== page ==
At a recent suburban Maryland high school graduation party with lots of teen drinking, the party-hosting parents were given two civil citations each, carrying fines of up to $1,500 per infraction, says the Washington Post. That was considerably less severe than the panelty for a Charlottesville, Va.-area mother and stepfather who recently began serving 27-month jail sentences for hosting an underage drinking party. In Virginia and Washington, D.C., parents who host such parties can be charged with contributing to the delinquency of a minor, a misdemeanor that can carry jail time. In Maryland, hosting an underage drinking party is punished with a civil penalty, payable with a fine, even for multiple offenses.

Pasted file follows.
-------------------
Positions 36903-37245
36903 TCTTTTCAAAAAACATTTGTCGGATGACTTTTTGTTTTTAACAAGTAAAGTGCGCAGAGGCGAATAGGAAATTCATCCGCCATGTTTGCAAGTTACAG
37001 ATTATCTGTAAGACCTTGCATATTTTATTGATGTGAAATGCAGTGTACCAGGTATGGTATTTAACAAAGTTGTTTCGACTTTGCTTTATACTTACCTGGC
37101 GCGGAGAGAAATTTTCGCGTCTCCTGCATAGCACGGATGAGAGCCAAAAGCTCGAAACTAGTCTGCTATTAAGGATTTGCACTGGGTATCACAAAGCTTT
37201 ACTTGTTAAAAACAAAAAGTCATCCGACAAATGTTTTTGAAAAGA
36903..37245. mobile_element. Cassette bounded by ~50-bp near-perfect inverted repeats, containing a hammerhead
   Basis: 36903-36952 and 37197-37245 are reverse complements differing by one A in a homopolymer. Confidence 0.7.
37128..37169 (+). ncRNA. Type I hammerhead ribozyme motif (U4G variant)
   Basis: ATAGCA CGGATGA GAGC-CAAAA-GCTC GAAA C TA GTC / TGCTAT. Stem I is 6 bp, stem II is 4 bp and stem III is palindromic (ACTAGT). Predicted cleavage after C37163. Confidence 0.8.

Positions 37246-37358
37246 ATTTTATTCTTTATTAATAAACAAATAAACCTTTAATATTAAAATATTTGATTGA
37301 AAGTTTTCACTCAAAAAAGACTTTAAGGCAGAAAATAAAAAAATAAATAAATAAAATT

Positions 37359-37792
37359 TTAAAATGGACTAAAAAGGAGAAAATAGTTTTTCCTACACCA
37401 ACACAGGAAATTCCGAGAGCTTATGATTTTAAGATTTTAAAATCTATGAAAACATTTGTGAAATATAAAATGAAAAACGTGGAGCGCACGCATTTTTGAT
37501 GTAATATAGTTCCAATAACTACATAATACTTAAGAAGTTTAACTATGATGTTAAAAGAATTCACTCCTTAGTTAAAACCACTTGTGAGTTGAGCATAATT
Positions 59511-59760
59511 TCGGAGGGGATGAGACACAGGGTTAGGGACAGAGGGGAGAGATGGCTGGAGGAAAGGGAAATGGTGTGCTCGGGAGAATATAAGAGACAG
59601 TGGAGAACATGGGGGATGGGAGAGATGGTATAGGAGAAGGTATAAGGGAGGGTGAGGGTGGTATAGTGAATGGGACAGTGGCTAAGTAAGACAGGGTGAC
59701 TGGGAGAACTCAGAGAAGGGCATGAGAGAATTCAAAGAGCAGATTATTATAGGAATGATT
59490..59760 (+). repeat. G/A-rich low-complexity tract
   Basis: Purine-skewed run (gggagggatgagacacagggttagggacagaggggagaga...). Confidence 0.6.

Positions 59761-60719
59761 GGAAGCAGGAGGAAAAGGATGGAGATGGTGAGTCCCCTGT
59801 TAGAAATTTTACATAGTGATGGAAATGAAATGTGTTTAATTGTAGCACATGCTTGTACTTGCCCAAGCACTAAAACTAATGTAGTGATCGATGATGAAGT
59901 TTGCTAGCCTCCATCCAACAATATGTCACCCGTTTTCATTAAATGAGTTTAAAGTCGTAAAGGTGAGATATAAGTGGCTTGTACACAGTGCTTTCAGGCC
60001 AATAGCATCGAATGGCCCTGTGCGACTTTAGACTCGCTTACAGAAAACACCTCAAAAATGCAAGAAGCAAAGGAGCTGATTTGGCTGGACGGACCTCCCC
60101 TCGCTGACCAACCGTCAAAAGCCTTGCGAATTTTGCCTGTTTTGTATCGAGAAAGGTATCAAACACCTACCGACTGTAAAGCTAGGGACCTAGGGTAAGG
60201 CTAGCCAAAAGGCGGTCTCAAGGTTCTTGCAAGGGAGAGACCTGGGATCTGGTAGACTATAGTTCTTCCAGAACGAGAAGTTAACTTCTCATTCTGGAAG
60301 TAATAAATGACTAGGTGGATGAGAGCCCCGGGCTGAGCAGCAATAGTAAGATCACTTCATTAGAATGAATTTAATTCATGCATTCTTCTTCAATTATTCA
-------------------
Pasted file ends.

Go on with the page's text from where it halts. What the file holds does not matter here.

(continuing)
Even at a time of strong concern about youth drinking and drunken driving, police and prosecutors say parents are rarely held responsible — criminally or civilly — for allowing teenagers to gather at their homes and consume alcohol. That’s in large part because it’s difficult to prove that the adults provided alcohol or condoned its use. The issue is becoming more urgent as more parents, fearing their teenagers will drink anyway, allow alcohol at home to keep the youths off the roads. Stacy Saetta of the Center for the Study of Law and Enforcement Policy, a California-based research center on alcohol policy, said parties can involve “hundreds of kids in this new Internet era of text-messaging, MySpacing and instant communication. Some of these parents are hosting these parties out of the goodness of their hearts. They think they’re doing the best thing [by] keeping them at home. But there’s just too many dangers present when you get a bunch of young people together with money, with alcohol and with cars.”